Animals need to breed at the time of year when their progeny have the best chance of survival. In a study published today in PNAS, scientists in Sweden and Canada have studied the genetic basis of reproduction in 25 populations of herring from both sides of the North Atlantic. They revealed a number of genes associated with the timing of reproduction, and the genetic variants associated with spring or autumn spawning were found to be largely shared between geographically distant populations.
The Atlantic herring is one of the most abundant fish in the world and has been a crucial food resource in Northern Europe. The Atlantic herring spawns in the spring, summer or autumn. Which strategy is the most successful varies from year to year and over time periods due to climate conditions that affect plankton production.
“This new study has given several interesting results. Firstly, we have revealed that herring populations across the entire Atlantic Ocean are remarkably similar genetically, suggesting that there is gene flow between herring populations. Despite this, we identified clear genetic differences between spring and autumn spawning populations. Furthermore, the genetic factors associated with spawning time were to a large extent shared between geographically distant populations,” explains Sangeet Lamichhaney, former PhD student at Uppsala University (Sweden) and shared first author on the paper.
“We now have a long list of genes associated with timing of reproduction in the herring and there are some that appear particularly important,” says Leif Andersson, Professor at Uppsala University, the Swedish University of Agricultural Sciences and Texas A&M University, who led the study.
“One of the most interesting genes is TSHR (thyroid-stimulating hormone receptor) because previous studies in birds and mammals have indicated that this gene has a key role in how animals time their reproduction in response to changes in day length. The fact that TSHR was the gene that showed the most consistent association with spawning time in the herring suggests that it has a similar role in fish. An important topic for future research is to reveal the molecular mechanism of how increasing day length leads to the initiation of spawning in spring spawners, whereas this response is delayed until August-September for autumn spawners,” concludes Leif Andersson.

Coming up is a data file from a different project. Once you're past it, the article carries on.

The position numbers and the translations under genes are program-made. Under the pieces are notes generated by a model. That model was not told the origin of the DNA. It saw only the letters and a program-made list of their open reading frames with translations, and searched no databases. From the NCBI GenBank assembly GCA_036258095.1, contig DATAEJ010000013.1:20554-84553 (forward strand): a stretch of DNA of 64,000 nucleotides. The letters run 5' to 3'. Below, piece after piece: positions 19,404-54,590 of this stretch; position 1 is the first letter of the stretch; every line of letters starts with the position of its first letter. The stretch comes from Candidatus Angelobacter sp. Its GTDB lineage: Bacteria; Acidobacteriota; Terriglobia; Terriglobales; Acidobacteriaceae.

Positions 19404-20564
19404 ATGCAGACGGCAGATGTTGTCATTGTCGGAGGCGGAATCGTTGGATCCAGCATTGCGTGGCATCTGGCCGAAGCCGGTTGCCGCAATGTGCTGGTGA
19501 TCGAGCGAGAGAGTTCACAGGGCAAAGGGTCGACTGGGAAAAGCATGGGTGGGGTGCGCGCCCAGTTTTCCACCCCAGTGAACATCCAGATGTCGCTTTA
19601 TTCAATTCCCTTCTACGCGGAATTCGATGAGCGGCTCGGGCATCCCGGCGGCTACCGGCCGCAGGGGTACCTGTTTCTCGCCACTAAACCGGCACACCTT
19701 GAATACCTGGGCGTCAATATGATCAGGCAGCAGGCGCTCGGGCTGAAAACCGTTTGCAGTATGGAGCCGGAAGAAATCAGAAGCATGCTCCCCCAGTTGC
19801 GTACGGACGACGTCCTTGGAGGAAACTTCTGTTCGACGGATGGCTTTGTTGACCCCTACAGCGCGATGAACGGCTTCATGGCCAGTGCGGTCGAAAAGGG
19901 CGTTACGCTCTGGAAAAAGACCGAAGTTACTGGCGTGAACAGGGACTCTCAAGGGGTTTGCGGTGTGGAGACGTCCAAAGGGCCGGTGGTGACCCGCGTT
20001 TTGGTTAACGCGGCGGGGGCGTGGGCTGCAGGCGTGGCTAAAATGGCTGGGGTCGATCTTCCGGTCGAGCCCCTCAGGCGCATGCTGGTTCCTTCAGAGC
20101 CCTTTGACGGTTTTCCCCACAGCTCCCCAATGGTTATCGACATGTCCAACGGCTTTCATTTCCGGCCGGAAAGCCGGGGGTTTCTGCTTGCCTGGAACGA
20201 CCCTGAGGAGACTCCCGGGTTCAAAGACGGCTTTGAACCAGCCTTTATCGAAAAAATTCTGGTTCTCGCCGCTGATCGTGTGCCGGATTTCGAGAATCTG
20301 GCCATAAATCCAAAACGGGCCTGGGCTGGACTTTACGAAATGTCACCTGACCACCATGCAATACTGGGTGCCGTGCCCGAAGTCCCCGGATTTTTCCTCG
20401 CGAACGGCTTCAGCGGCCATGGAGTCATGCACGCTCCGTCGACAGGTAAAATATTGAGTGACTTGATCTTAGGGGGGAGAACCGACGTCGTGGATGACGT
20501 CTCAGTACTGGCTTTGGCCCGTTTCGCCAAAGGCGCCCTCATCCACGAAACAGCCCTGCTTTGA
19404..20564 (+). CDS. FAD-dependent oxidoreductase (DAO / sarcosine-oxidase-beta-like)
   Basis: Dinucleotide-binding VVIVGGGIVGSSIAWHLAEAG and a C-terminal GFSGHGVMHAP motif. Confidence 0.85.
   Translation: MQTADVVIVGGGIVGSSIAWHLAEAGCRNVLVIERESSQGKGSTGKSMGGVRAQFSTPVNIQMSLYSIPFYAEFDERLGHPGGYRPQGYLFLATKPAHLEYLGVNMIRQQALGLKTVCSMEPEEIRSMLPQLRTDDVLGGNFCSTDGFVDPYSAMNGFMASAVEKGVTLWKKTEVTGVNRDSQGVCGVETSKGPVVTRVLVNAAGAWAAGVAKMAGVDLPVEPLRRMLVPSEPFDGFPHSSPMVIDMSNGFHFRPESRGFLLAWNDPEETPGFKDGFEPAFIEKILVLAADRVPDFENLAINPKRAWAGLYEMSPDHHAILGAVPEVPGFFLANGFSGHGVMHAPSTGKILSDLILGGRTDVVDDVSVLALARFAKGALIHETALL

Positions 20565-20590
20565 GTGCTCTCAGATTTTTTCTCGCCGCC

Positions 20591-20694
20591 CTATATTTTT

The study has significant implications for how climate change may affect the reproduction of herring and other marine fishes. It has already been observed in some birds that there is a mismatch between their reproduction and the peak of insect abundance due to a warmer climate (earlier spring).
“We think that the Atlantic herring has a capacity to respond well to at least moderate changes in the climate,” says Angela Fuentes-Pardo (Dalhousie University, Canada), a PhD student and shared first author on the paper. “Firstly, spawning time is not strictly genetically determined. Herring show some plasticity and adjust spawning time according to the water temperature. Secondly, our data suggest that there is a considerable amount of genetic variation affecting spawning time so the herring should be able to adapt genetically to moderate climate changes.”
The study also has important implications for fishery management of the Atlantic herring.
“By providing genetic markers that distinguish spring and autumn spawning herring outside the breeding season, a more sustainable fishery can be developed by optimising fishing among stocks according to their abundance,” explains Professor Daniel Ruzzante (Dalhousie University, Canada), one of the senior authors of the study.